Open Access
In: International Law and Chemical, Biological, Radio-Nuclear (CBRN) Events

Abstract

A serious lacuna in international relations is the absence of a possibility for individuals to challenge decisions of international organizations. However, the right to legal remedy is a fundamental human right, and it is generally recognized that human rights bind international organizations. Thus, the question is raised as to what reforms the Security Council procedure requires in light of targeted sanctions, i.e. the placing of individuals on a list of measures to be implemented by states or the EU/ec. The author argues that there should be due process standards for listing decisions themselves as well as an effective remedy against such decisions. The inspection panels installed by the World Bank are presented as an example that meets such standards and could inspire a review procedure for Security Council actions affecting individuals by targeted actions. Finally, it is contended that, despite the possible critique, it is not only a matter of expediency but a legal duty to render UN listing and de-listing procedures consistent with due process requirements.

In: Legal Restraints on the Use of Military Force
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10. RESOLUTION ADOPTED BY THE EXTRAORDINARY ASSEMBLY A17-10 1970* IMPLEMENTATION BY STATES OF SECURITY SPECIFICATIONS AND PRACTICES ADOPTED BY THIS ASSEMBLY AND FURTHER WORK BY ICAO RELATED TO SUCH SPECIFICATIONS AND PRACTICES WHEREAS acts of unlawful interference against civil aviation operations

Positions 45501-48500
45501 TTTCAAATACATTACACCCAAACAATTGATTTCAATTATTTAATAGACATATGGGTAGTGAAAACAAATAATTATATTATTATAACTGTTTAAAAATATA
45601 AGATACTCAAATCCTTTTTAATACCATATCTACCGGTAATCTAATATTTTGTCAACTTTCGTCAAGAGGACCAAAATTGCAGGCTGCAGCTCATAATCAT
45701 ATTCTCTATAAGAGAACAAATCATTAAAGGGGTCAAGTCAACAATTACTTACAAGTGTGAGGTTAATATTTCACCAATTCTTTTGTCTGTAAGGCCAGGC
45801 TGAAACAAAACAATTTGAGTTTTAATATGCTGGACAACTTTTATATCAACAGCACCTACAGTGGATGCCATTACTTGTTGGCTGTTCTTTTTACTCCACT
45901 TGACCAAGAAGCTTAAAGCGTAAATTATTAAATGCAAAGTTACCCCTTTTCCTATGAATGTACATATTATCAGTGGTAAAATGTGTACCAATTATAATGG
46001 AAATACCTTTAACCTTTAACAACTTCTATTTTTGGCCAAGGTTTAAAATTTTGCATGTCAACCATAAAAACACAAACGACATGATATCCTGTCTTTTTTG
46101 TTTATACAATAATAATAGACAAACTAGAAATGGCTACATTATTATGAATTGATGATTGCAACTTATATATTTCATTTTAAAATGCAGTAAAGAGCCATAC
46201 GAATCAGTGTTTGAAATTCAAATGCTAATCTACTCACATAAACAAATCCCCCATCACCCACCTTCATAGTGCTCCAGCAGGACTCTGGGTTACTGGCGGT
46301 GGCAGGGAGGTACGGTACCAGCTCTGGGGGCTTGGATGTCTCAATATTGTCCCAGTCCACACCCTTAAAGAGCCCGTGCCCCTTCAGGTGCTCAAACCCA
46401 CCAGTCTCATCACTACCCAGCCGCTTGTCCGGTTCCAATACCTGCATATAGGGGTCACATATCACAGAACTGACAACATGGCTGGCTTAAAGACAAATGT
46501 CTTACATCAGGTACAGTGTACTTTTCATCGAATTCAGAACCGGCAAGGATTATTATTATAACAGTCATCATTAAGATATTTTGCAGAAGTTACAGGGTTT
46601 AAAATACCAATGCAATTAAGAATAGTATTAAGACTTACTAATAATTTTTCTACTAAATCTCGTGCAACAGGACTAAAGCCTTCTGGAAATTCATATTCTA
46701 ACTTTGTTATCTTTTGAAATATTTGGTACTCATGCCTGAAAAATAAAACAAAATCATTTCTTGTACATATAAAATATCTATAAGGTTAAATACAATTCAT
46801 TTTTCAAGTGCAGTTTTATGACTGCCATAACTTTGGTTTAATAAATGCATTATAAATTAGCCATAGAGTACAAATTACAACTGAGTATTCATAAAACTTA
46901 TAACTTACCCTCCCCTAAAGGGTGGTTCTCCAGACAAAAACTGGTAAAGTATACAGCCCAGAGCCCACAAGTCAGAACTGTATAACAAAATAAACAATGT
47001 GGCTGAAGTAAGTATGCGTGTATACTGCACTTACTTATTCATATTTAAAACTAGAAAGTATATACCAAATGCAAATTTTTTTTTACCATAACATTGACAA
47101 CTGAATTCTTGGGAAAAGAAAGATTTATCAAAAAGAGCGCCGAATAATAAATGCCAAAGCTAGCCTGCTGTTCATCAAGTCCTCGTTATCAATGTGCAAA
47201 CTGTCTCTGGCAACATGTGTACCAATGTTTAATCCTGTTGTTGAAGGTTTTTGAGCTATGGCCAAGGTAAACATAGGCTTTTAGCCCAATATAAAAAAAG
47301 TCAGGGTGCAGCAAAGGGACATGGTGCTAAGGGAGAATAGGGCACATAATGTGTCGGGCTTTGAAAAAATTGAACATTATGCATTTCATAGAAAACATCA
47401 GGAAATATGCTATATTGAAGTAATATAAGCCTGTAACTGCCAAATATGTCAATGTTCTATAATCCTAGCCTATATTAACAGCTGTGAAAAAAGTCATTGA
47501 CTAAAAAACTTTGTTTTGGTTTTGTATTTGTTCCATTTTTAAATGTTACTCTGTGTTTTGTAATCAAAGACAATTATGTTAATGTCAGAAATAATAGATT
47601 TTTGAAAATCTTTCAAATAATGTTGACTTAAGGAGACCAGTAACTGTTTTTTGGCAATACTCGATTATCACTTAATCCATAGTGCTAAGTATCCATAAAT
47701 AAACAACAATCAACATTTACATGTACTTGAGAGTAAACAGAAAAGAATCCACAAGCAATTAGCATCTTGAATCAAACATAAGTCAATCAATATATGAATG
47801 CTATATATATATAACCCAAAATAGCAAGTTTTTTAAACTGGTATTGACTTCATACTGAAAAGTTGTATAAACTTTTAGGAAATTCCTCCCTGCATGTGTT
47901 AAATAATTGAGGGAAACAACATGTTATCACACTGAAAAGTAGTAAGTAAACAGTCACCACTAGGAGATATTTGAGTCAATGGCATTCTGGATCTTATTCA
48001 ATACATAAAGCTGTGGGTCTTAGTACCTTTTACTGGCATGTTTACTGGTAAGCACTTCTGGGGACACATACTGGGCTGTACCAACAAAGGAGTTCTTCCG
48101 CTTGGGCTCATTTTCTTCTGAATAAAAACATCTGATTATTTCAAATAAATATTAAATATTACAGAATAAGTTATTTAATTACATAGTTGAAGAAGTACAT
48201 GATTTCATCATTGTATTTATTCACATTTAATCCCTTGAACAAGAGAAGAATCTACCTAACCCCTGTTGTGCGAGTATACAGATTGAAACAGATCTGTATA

In: International Terrorism: Political and Legal Documents

Convention on the Elimination of All Forms of Discrimi nation against Women, adopted by the United Nations General Assembly in 1979 CEDAW Committee The Committee established under the CEDAW to monitor its implementation by States CESCR International Covenant on Economic, Social and Cultural Rights, adopted

In: A Commentary on the United Nations Convention on the Rights of the Child, Article 27: The Right to an Adequate Standard of Living
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Unlawfully Seized Aircraft , their Crews, Passengers and Cargoes 1970. Cite as 91.L.M . 1277. 1970. 9. Resolution Adopted by the Extraordinary Assembly. A17-9, Good Offices of ICAO 1970. Cite as 91.L.M. 1277. 1970. 10. Resolution Adopted by the Extraordinary Assembl y, A17-IO, Implementation by States of

In: International Terrorism: Political and Legal Documents

of law by the Security Council would necessarily result in greater compliance and fuller implementation by States. After all, some States may be unable to implement sanctions because of lack of capacity and resources. Other States may be unwilling to implement sanctions because it suits their

In: The Australian Year Book of International Law Online

providing examples of the voluntary implementation by States of investment awards rendered against them. In such cases, it would have been helpful to provide information with respect to changes in a State’s domestic regulations to conform to the bit based on the violation, highlighted by the award or the

In: The Law & Practice of International Courts and Tribunals

‘safe third country’ concept. Hurwitz’s volume, The Collective Responsibility of States to Protect Refugees , charters the development of the notion and its implementation by States, with the purpose of assessing its validity under public international law. Her fundamental claim is that safe third

In: European Journal of Migration and Law